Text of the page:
WHO South-East Asia Journal of Public Health
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Year : 2020  |  Volume : 9  |  Issue : 1  |  Page : 66-72

Assessment of drought resilience of hospitals in Sri Lanka: a cross-sectional survey

1 Ministry of Health, Nutrition and Indigenous Medicine, Colombo, Sri Lanka
2 World Health Organization Health Emergencies Programme, World Health Organization Regional Office for South-East Asia, New Delhi, India

Correspondence Address:
Dr Novil W A N Y Wijesekara
Ministry of Health, Nutrition and Indigenous Medicine, Colombo
Sri Lanka
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DOI: 10.4103/2224-3151.283000

PMID: 32341225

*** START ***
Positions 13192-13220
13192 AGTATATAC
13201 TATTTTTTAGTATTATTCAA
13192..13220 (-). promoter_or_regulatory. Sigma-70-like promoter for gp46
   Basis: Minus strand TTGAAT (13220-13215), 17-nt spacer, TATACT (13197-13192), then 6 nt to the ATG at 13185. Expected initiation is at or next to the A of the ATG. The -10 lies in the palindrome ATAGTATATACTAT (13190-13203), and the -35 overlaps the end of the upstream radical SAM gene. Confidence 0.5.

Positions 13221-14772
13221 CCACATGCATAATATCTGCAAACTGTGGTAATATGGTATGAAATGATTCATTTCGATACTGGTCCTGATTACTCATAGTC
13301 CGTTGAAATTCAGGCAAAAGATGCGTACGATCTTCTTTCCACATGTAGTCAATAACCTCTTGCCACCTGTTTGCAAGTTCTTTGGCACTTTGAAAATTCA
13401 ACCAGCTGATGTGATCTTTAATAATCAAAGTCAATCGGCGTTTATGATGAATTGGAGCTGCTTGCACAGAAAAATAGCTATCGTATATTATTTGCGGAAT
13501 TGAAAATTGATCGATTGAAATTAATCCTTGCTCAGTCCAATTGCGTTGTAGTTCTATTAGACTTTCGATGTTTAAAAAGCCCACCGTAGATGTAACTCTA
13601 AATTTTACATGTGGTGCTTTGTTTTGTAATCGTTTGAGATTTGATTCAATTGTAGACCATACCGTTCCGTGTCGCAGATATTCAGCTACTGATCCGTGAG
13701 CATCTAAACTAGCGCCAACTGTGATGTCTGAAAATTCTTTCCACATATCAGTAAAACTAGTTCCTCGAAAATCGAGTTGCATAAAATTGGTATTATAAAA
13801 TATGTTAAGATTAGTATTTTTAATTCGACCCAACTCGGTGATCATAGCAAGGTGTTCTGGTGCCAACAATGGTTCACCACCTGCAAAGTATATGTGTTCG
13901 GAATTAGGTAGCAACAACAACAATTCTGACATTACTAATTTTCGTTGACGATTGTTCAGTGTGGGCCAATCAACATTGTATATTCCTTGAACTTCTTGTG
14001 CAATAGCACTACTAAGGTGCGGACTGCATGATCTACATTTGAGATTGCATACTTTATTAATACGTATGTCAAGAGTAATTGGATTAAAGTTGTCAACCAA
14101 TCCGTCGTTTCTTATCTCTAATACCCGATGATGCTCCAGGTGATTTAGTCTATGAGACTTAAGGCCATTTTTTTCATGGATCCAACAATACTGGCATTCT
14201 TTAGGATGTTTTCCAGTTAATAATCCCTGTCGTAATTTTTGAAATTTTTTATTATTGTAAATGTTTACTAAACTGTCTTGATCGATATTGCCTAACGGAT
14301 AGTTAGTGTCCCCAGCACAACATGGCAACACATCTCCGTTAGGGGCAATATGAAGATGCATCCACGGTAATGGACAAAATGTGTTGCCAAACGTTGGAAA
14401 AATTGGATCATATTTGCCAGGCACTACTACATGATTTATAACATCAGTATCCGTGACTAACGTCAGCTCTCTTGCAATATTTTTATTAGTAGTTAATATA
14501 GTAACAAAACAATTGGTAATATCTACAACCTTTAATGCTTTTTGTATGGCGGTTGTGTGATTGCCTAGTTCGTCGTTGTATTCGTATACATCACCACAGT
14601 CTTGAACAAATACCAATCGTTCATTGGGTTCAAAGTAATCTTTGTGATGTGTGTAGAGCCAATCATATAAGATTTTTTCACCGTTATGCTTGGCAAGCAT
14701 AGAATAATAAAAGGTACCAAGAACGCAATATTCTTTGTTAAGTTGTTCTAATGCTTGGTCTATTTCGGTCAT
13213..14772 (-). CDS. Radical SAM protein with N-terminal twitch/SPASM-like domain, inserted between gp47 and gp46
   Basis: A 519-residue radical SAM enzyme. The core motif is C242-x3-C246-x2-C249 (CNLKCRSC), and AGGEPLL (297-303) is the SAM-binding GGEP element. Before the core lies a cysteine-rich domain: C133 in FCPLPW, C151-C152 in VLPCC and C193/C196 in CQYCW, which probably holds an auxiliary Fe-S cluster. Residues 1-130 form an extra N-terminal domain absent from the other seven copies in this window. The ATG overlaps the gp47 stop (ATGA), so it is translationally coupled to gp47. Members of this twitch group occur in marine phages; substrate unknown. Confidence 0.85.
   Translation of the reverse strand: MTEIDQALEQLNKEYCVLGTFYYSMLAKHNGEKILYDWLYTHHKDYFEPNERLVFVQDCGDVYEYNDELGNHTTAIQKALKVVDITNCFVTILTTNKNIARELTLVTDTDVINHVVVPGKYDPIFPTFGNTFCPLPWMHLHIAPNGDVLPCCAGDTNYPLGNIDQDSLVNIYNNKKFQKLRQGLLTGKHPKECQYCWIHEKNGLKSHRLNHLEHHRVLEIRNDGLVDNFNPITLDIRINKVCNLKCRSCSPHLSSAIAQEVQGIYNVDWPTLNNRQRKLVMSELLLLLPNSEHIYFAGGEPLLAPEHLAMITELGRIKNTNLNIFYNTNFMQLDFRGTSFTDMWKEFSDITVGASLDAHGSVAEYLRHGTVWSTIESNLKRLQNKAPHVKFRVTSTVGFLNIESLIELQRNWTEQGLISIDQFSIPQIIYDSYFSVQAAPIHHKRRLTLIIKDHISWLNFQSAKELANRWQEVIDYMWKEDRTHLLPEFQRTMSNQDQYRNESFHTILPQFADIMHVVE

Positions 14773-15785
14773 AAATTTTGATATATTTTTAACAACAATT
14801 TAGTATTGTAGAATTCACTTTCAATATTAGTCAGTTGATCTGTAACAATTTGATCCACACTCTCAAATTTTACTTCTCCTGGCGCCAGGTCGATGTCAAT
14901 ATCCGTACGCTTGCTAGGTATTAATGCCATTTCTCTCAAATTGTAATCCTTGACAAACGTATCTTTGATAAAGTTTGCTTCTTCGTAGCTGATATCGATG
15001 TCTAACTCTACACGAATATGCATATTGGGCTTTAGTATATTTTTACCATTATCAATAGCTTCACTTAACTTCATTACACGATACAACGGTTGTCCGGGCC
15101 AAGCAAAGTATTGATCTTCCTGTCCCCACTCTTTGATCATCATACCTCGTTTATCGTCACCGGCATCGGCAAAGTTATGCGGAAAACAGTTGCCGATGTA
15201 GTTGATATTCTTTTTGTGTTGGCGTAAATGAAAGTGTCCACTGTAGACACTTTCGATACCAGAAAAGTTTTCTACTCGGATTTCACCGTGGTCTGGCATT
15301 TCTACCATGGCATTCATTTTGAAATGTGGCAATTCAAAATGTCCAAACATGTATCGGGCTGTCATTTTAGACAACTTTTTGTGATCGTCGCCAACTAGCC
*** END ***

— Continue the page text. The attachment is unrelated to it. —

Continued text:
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Background Drought is an extreme weather event. Drought-related health effects can increase demands on hospitals while restricting their functional capacity. In July 2017, Sri Lanka had been experiencing prolonged drought for around a year and data on the resilience of hospitals were required. Methods A cross-sectional survey was done in five of the most drought-affected and vulnerable districts using two specially developed questionnaires. Ninety hospitals were assessed using the Baseline Hospital Drought Resilience Assessment (BHDRA) tool, of which 24 purposefully selected hospitals were also assessed using the more detailed Comprehensive Hospital Drought Resilience Assessment (CHDRA) tool and observation visits. Results Of the hospitals assessed, 73 and 77 reported having adequate supplies of drinking and non-drinking water, respectively. Of the 24 hospitals studied using the CHDRA tool, bacteriological water quality testing was done in 8, with samples from only 4 hospitals being satisfactory. Adequate electricity supply was reported by 77 hospitals, of which 72 had at least one generator. None of the hospitals used rainwater or storm water harvesting, water recycling, or solar or wind power. Of the 24 hospitals selected for detailed analysis, awareness materials on safeguarding water or electricity and avoiding wasting water or electricity were displayed in only 6 hospitals; disaster preparedness plans were available in 9; and drought was considered as a hazard only in 6. Conclusion The findings indicate that drought needs to be considered as an important hazard in hospital risk assessments. Drought preparedness, response and recovery should be embedded in hospital disaster preparedness plans to ensure the continuity of essential health services during emergencies.

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